millions of acres of land. In one cooperative Jonathan visited, 100 families farmed 5,400 acres together and shared the proceeds.
Nobody gets rich, but no one goes hungry — as do millions of other Brazilians who remain landless and unemployed.
Some of the best things were unanticipated. By speaking to one’s neighbor in a food line or a workshop there was
the possibility of fascinating conversations with people from around the world. Another unexpected delight was the friendliness of
This is not to say that everything was perfect. For example, many of the labor sessions we attended were quite dry,
and there was a serious lack of representation by women on the panels. However, in one of the more interesting panels, a
representative of the Canadian Auto Workers (CAW) challenged the labor movement to criticize itself and honestly discuss differences
with other groups, with the goal of working together. She pointed to the criticism the CAW received from members following the April
2001 protests against the FTAA in Quebec. Young people turned to climb the hill and tear down police fences, while union members
continued along the planned route. "What difference would it have made if we had all turned to climb that hill?" she
Another weakness was the poor attendance of U.S. trade unions. The AFL-CIO participated, and some members of
activist locals came through Jobs with Justice. However, we saw no indication that the affiliates had exerted any effort to send
representatives. We believe that the UE representatives were the only U.S. labor delegates officially representing their union.
During the Forum two issues were of overwhelming importance. The first was the role of the international financial
institutions and the problem of crushing external debt. There was a lot of discussion of the recent economic collapse of Argentina.
On the news we watched the middle class protesting the freezing of bank assets and the unemployed demanding jobs. This underscored
the point that the main issue for workers in the Global South is the debt their countries owe the World Bank and International
Monetary Fund (IMF), and the way those institutions manipulate the debt to enforce the rules of corporate globalization.
There was also much discussion of neoliberal economics and structural adjustment policies. Although these terms are
foreign to many Americans, we see the same policies all over the world: downsizing, privatization schemes, and a budget-cutting
frenzy. We learned of the intimate connection between these policies and free trade, where the IMF and World bank force the
countries of the Global South to base their economies on exports, turning them into low-wage havens for transnational capital.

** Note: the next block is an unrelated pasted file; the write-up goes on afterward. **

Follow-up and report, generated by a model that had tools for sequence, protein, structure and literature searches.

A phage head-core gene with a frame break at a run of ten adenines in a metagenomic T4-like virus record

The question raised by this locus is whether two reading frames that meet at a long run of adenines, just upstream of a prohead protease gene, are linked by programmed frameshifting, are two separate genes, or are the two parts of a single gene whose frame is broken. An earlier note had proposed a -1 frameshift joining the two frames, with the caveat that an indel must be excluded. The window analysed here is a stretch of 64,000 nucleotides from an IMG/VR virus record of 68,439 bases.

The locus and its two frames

Clearly, it’s in the direct interest of U.S. workers to support the struggles against the IMF, World Bank and for debt relief.
SENSE AND SOLIDARITY
Being in Brazil also brought home the importance of internationalism and international solidarity in a more concrete
way due to a disturbing event — an attack by 10 uniformed men on the offices of the CUT, Brazil’s largest and most progressive
trade union federation. Armed with machine guns and other weapons, the intruders stole thirty computers, a safe and numerous
documents from the building which houses the CUT’s national headquarters, the Sao Paulo office as well as offices of many other
federations affiliated with the CUT.
The attack is the latest in a series of crimes affecting the CUT, including the murder of dozens of CUT trade
unionists. Although six of the computers were recovered and some arrests occurred, the CUT does not view this as a simple case of
robbery; the break-in has "the characteristics of an act which has been planned and directed. It is hardly a coincidence that
this has occurred during the World Social Forum, of which the CUT is one of the organizing bodies." The CUT also notes that the
robbery occurred hours after approval of a national strike to protest anti-labor legislation.
This attack has implications that go way beyond the CUT or even Brazil. Our time in Porto Alegre gave us some sense
of what it would mean if the PT were successful in winning. But if you think that this only affects the people of Brazil, think
about the implications for our hemisphere if the PT wins the presidency of Brazil and the role that Brazil will play in determining
whether the FTAA is approved! In our globalized world, what happens in Brazil will affect all of us.
What we took from Porto Alegre was renewed hope. It is a hope inspired by all of the young people who were there; by
the friendliness, helpfulness, and enthusiasm; by the respect for difference; that we were part of a larger delegation which
represented the best of the labor and community movements in the United States and that we were all part of a much larger, global
movement in which everyone was working for a better world. In short, that another world is possible!